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Trendspotting: Green Goddess Dressing

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The first time I recall seeing green goddess, an herby, green-tinted salad dressing, on a local restaurant menu was at Steuben’s, shortly before the eatery opened in 2006. The old-school condiment has a storied history: It’s said that in the 1970s, Seven Seas was the first to bottle the dressing that was made famous in the 1920s by San Francisco’s Palace Hotel. It’s a sauce that speaks of Americana. “It’s the original ranch dressing,” TAG chef Troy Guard says. “Before Hidden Valley came along, your mom made green goddess.” Like many other comfort foods, the mayo-based dressing is making a comeback. (You know this is the case when Bon Appétit includes a recipe for a green goddess and pistachio cheese ball in its September issue.)

Though the condiment no longer appears on Steuben’s menu, it can be found elsewhere. This summer, the dressing accompanied Old Major‘s salad of beans, new potatoes, pistachios, cherry tomatoes, frisée, and shaved carrots. (In fact, chef Justin Brunson‘s recipe for the sauce is included in 5280‘s forthcoming cookbook). The green vinaigrette also dressed a seared romaine salad at Lower48 Kitchen and a salmon entrée with a cherry, serrano, and fennel slaw at Tables. Sunnyside Burger Bar serves green goddess as a dip for its crudités platter—and it can be ordered as a side for the fried pickles or onion rings.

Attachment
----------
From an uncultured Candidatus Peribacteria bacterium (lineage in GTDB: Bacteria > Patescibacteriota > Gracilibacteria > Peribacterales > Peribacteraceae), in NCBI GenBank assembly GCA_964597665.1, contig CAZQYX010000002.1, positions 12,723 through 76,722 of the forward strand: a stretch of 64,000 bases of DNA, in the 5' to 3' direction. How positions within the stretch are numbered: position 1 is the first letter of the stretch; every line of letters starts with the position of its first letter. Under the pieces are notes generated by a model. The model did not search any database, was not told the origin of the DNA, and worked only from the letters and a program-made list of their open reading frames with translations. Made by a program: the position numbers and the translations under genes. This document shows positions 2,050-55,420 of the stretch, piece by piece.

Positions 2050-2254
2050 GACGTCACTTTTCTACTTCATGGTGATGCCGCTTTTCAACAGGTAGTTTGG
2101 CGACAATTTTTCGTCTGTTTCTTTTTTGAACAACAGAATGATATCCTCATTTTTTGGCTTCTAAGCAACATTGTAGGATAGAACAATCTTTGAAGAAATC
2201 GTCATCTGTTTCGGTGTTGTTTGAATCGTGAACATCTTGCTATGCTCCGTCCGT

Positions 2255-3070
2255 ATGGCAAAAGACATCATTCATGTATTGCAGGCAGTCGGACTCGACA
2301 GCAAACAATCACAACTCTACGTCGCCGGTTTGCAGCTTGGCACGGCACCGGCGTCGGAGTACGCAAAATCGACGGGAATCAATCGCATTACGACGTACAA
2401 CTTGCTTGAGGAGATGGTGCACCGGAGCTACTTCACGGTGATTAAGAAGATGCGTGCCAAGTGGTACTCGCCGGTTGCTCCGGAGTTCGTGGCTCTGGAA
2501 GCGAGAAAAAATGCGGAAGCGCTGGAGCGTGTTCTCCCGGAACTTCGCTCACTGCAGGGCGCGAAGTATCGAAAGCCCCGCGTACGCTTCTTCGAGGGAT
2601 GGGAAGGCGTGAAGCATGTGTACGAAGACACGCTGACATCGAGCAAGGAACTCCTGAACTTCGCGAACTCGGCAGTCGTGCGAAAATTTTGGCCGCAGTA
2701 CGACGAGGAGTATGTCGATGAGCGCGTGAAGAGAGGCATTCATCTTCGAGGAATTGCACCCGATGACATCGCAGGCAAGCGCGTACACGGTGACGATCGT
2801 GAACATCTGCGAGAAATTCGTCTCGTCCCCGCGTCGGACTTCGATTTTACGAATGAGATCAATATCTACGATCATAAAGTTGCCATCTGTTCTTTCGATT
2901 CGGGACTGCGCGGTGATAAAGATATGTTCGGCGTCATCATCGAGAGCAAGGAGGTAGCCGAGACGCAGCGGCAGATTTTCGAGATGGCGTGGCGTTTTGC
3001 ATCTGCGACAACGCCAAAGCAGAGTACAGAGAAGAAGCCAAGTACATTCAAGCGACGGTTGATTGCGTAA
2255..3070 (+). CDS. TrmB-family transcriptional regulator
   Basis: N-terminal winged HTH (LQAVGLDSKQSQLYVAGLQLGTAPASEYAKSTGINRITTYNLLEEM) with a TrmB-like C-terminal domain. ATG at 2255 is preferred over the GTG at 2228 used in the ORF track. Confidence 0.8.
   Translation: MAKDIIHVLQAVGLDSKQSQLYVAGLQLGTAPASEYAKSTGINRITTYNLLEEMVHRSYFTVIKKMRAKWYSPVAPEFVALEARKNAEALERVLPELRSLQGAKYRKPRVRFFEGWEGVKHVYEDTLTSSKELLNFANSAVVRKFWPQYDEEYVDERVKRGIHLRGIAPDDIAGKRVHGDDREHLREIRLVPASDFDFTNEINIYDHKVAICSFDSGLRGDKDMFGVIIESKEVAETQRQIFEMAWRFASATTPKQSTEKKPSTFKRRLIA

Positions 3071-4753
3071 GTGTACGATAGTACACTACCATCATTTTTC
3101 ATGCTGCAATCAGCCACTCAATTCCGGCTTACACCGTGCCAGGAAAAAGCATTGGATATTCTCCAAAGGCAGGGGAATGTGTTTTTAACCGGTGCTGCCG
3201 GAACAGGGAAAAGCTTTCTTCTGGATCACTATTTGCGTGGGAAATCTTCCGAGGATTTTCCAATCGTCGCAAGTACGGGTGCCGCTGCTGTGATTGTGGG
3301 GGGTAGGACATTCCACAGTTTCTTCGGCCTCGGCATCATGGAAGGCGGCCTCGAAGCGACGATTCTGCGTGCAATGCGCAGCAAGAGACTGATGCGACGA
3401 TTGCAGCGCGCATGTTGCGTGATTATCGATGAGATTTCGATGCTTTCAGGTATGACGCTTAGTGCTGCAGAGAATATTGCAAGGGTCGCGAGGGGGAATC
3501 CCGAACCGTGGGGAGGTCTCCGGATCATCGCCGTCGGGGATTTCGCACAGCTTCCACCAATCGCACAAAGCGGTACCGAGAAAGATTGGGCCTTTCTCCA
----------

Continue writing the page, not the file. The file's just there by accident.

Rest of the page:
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The reason for the sudden upswing? Guard reasons it’s the herbs: “It’s pretty popular among chefs since it generally has a bunch of fresh herbs,” he explains. “We use tarragon and parsley in our version at Sunnyside but I’ve had others that use chives, oregano, thyme, or even mint.”

Match a batch before putting your garden away for the winter. You’ll be glad you did.

Follow food editor Amanda M. Faison on Twitter, Instagram, Facebook, and Pinterest.

—Photo courtesy of Sunnyside Burger Bar

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